Hybrid Solid-State Hydrogen Storage Materials
Benge, K. R. (2008). Hybrid Solid-State Hydrogen Storage Materials (Thesis, Master of Science (MSc)). The University of Waikato, Hamilton, New Zealand. Retrieved from https://hdl.handle.net/10289/2320
Permanent Research Commons link: https://hdl.handle.net/10289/2320
This thesis investigates the chemistry of ammonia borane (NH3BH3) relevant to the development of hydrogen storage systems for vehicular applications. Because of its high hydrogen content and low molecular weight ammonia borane has the potential to meet stringent gravimetric hydrogen storage targets of gt;9 wt%. Two of the three moles of H2 in ammonia borane can be released under relatively mild conditions, with the highest gravimetric yield obtained in the solid-state. However, ammonia borane does not deliver sufficient H2 at practical temperatures and the products formed upon H2 loss are not amenable to regeneration back to the parent compound. The literature synthesis of ammonia borane was modified to facilitate large scale synthesis, and the deuterated analogues ND3BH3 and NH3BD3 were prepared for the purpose of mechanistic studies. The effect of lithium amide on the kinetics of dehydrogenation of ammonia borane was assessed by means of solid-state reaction in a series of specific molar ratios. Upon mixing lithium amide and ammonia borane, an exothermic reaction ensued resulting in the formation of a weakly bound adduct with anH2N...BH3-NH3 environment. Thermal decomposition at or above temperatures of 50eg;C of this phase was shown to liberate gt;9 wt% H2. The mechanism of hydrogen evolution was investigated by means of reacting lithium amide and deuterated ammonia borane isotopologues, followed by analysis of the isotopic composition of evolved gaseous products by mass spectrometry. From these results, an intermolecular multi-step reaction mechanism was proposed, with the rates of the first stage strongly dependent on the concentration of lithium amide present. Compounds exhibiting a BN3 environment (identified by means of solid-state sup1;sup1;B NMR spectroscopy) were formed during the first stage, and subsequently cross link to form a non-volatile solid. Further heating of this non-volatile solid phase ultimately resulted in the formation of crystalline Li3BN2 - identified by means of powder X-ray diffractometry. This compound has been identified as a potential hydrogen storage material due to its lightweight and theoretically high hydrogen content. It may also be amenable to hydrogen re-absorption. The LiNH2/CH3NH2BH3 system was also investigated. Thermal decomposition occurred through the same mechanism described for the LiNH2/NH3BH3 system to theoretically evolve gt;8 wt% hydrogen. The gases evolved on thermal decomposition were predominantly H2 with traces of methane detected by mass spectrometry.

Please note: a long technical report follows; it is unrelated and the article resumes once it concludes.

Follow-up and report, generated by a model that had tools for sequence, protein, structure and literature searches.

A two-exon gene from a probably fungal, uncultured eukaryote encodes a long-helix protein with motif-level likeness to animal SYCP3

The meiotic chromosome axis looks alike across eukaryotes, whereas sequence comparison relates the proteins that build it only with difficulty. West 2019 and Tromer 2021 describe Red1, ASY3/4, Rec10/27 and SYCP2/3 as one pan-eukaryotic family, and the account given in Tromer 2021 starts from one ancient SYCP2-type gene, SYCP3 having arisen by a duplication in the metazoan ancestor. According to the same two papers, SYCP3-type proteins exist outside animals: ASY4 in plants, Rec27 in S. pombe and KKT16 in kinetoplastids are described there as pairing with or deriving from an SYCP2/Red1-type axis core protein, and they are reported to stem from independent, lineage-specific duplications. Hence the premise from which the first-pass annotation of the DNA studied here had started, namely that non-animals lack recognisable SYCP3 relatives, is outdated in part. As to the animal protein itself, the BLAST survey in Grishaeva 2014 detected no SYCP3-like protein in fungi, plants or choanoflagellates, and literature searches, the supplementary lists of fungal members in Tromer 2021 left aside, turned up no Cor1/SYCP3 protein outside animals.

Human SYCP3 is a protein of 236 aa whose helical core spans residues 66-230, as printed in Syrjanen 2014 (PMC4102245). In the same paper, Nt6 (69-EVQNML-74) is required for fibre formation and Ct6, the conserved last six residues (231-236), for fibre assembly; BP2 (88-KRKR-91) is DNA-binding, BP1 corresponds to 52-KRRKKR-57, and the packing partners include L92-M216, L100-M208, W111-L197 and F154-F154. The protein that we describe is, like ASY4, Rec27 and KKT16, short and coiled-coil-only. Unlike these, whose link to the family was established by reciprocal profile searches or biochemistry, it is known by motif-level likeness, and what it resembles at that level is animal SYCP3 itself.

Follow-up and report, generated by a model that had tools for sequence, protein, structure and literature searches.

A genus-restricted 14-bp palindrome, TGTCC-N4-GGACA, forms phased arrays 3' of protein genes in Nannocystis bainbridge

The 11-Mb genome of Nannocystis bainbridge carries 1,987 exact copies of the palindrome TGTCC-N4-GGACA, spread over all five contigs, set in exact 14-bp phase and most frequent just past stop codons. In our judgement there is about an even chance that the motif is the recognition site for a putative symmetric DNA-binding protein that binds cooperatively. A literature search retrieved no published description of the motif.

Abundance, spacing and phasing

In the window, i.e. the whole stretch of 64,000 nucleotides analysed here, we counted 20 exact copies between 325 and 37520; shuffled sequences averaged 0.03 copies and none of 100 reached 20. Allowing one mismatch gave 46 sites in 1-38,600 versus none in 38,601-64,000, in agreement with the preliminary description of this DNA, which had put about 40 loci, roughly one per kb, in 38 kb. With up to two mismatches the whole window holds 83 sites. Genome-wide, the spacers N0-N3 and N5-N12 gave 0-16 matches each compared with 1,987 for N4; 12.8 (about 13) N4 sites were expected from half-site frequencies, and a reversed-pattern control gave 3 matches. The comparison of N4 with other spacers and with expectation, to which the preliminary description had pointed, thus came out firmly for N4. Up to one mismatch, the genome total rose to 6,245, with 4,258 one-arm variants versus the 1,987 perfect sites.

The University of Waikato
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